Eva Stanley’s wonderful sculpture of a ferruginous pygmy-owl is in its natural Sonoran Desert niche, a burrow in a giant Saguaro cactus.  Here, the owl pair mates and then the male brings the female her food for a month-long egg incubation, after which the two take turns feeding the hatchings for another month.  Sonoran Desert residents lucky enough to have nesting pygmy-owls in their backyard saguaros thus enjoy this lively “dance of the pygmies” for several months during the monsoon summer.
            Pokey Park’s beautiful kit fox is an oversize bronze that catches one’s eye as soon as the gallery space is entered.  These sleek, housecat-sized canids burrow year round in the Southwest, relying on cooler underground temperatures to survive the summer daytime heat.  They generally don’t need standing water, satisfying their needs with the moisture in their diet of rats, mice and rabbits.  Being strictly nocturnal, the presence of these rodent-controlling predators is usually recognized only from the many den holes that can pocket a desert valley floor.
            The leatherback is the largest living sea turtle, with shells reaching over 6 ft in length and weights exceeding 1750 lbs.  Unlike other sea turtles, these leviathans have leathery shells that are keeled on both top and bottom, enabling them to move through the water with great efficiency and speed, despite their size.  Cathy Ferrell’s unique bronze of a tiny hatchling leatherback captures the foam and sand world that this creature must traverse in its beach run to the sea.  This is the rarest sea turtle in the Sea of Cortez, and DNA (plus satellite telemetry) have shown that at least some leatherbacks in this region come from as far away as the western Pacific (e.g., Indonesia, Papua New Guinea).  Leatherbacks are in serious decline throughout their range, due to nesting beach degradation and egg poaching.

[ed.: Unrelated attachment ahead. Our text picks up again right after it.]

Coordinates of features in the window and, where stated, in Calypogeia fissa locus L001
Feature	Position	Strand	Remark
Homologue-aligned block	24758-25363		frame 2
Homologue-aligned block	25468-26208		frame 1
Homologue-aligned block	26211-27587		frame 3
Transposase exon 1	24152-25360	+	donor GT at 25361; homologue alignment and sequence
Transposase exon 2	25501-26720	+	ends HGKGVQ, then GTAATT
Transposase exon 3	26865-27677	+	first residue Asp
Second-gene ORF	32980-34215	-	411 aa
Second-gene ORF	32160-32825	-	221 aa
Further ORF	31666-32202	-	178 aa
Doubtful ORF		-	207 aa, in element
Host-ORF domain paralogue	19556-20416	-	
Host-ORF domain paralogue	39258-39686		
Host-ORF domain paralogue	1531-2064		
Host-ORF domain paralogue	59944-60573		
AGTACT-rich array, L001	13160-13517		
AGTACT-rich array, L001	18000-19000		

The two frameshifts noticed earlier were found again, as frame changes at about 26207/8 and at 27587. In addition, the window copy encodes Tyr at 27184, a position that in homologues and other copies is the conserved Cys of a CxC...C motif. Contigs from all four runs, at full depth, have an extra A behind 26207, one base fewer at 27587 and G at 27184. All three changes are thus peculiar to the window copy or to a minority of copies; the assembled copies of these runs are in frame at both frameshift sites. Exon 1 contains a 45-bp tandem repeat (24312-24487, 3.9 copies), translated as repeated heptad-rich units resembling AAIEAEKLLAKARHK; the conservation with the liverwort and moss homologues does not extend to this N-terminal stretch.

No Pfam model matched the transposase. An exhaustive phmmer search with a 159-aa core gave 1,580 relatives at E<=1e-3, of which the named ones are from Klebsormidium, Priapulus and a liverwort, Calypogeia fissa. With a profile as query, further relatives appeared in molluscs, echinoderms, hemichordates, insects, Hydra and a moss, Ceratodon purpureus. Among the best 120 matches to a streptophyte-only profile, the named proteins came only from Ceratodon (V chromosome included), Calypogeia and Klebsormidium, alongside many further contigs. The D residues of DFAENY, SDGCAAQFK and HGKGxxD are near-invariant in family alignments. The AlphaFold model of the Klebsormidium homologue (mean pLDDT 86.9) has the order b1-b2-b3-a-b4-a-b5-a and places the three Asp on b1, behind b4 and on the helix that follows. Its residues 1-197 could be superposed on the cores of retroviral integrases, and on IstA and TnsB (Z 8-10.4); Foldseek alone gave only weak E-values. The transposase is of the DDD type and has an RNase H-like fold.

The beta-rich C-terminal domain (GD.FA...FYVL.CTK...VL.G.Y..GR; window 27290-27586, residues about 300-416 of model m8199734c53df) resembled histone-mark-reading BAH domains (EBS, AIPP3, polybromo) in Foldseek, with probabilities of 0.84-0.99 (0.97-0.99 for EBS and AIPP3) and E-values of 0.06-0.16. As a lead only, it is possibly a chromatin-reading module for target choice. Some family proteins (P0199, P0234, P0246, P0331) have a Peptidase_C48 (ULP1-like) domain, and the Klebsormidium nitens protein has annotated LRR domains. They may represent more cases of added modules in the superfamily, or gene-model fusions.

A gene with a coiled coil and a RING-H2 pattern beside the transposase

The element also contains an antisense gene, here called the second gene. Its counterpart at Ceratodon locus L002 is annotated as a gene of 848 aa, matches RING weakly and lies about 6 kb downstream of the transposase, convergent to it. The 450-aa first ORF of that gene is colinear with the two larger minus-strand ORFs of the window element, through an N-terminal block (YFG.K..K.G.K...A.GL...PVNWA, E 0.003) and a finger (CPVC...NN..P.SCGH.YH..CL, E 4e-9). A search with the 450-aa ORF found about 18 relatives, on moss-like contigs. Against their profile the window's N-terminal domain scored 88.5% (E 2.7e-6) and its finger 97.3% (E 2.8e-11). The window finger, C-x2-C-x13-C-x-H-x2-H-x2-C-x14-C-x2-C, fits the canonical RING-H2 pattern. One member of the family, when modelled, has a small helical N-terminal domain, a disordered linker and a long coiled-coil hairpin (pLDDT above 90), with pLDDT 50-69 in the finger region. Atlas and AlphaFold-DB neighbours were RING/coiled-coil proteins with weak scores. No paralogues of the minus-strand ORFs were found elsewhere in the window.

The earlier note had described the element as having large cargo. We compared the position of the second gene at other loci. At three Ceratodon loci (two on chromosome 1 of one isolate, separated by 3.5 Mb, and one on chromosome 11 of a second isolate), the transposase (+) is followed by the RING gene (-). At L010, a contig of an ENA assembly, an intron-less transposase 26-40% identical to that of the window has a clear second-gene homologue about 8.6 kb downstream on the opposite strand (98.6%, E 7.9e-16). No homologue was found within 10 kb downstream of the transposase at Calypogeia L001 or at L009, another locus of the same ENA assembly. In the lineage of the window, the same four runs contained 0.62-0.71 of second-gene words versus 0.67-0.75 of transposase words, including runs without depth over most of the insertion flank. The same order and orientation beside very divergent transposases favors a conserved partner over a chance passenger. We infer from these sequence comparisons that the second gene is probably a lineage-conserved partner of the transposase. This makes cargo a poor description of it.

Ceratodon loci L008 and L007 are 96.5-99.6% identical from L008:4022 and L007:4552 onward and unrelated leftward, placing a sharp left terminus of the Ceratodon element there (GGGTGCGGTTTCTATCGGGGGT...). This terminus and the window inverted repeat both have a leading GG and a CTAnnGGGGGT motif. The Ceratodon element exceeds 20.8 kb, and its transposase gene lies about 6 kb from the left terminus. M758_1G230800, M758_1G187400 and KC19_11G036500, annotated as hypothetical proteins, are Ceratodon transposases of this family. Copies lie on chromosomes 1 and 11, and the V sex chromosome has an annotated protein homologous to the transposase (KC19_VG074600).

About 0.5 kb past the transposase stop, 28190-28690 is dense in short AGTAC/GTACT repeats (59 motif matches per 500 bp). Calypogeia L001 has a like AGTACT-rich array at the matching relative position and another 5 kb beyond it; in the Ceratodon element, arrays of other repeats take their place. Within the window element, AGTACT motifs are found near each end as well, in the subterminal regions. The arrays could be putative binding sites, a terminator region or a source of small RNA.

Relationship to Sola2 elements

Three artists in this show chose Gila monsters as their subject—two bronzes and one painting.  Easy to understand, given the charismatic habits and colorful sculptured skin of these giant lizards.  Gila monsters reach over 1½ ft in length, have red-orange-black beaded skin, and store water in fatty tissues in their plump tails.  They winter hibernate, but are active spring through fall when they consume large numbers of newborn rodents and rabbits, as well as the eggs of birds, snakes and other lizards.  They may consume 50 percent of their body weight in one feeding.  These magnificent neotropical lizards are one of only two venomous lizards in the world (the other is the Mexican beaded lizard).  The venom is used almost solely in defense, and only rarely in feeding.  Although generally slow and lumbering, when threatened this “monster” moves with lightening-like speed to clamp down on the aggressor (occasionally a human), grinding open a flesh wound through which the venom oozes into the victim’s body.
            Like the lesser long-nosed bat, elegant terns also undertake long-range migrations.  Every spring they fly from their winter homes in Peru, Ecuador and Chile to the U.S.-Mexico borderlands.  Here, they breed mainly on a few protected islands in the Sea of Cortez.  These gorgeous seabirds are indeed elegant, in both appearance and behavior—they feed by plunge-diving for marine fishes, and males offer females their catch as part of the courtship ritual.
            This spectacular collection of art does not glamorize or idealize the threatened wildlife and wild places of North America.  Instead, it presents a broad palate of beautifully-executed portraits of some of the world’s most beguiling places and important threatened species.  And it does so with a dignity and decorum that inspires viewers and rekindles their reverence and respect for nature.
            AMERICA’S PARKS II premiered in Bolivar, Missouri, at the Ella Carothers Dunnegan Gallery of Art, and from there traveled to The Wildlife Experience in Parker (Denver), and the Arizona-Sonora Desert Museum (Tucson).  At the time of this writing, subsequent venues had not yet been determined.

Richard C. Brusca, PhD
Executive Director, Emeritus, Arizona-Sonora Desert Museum
Research Scientist, University of Arizona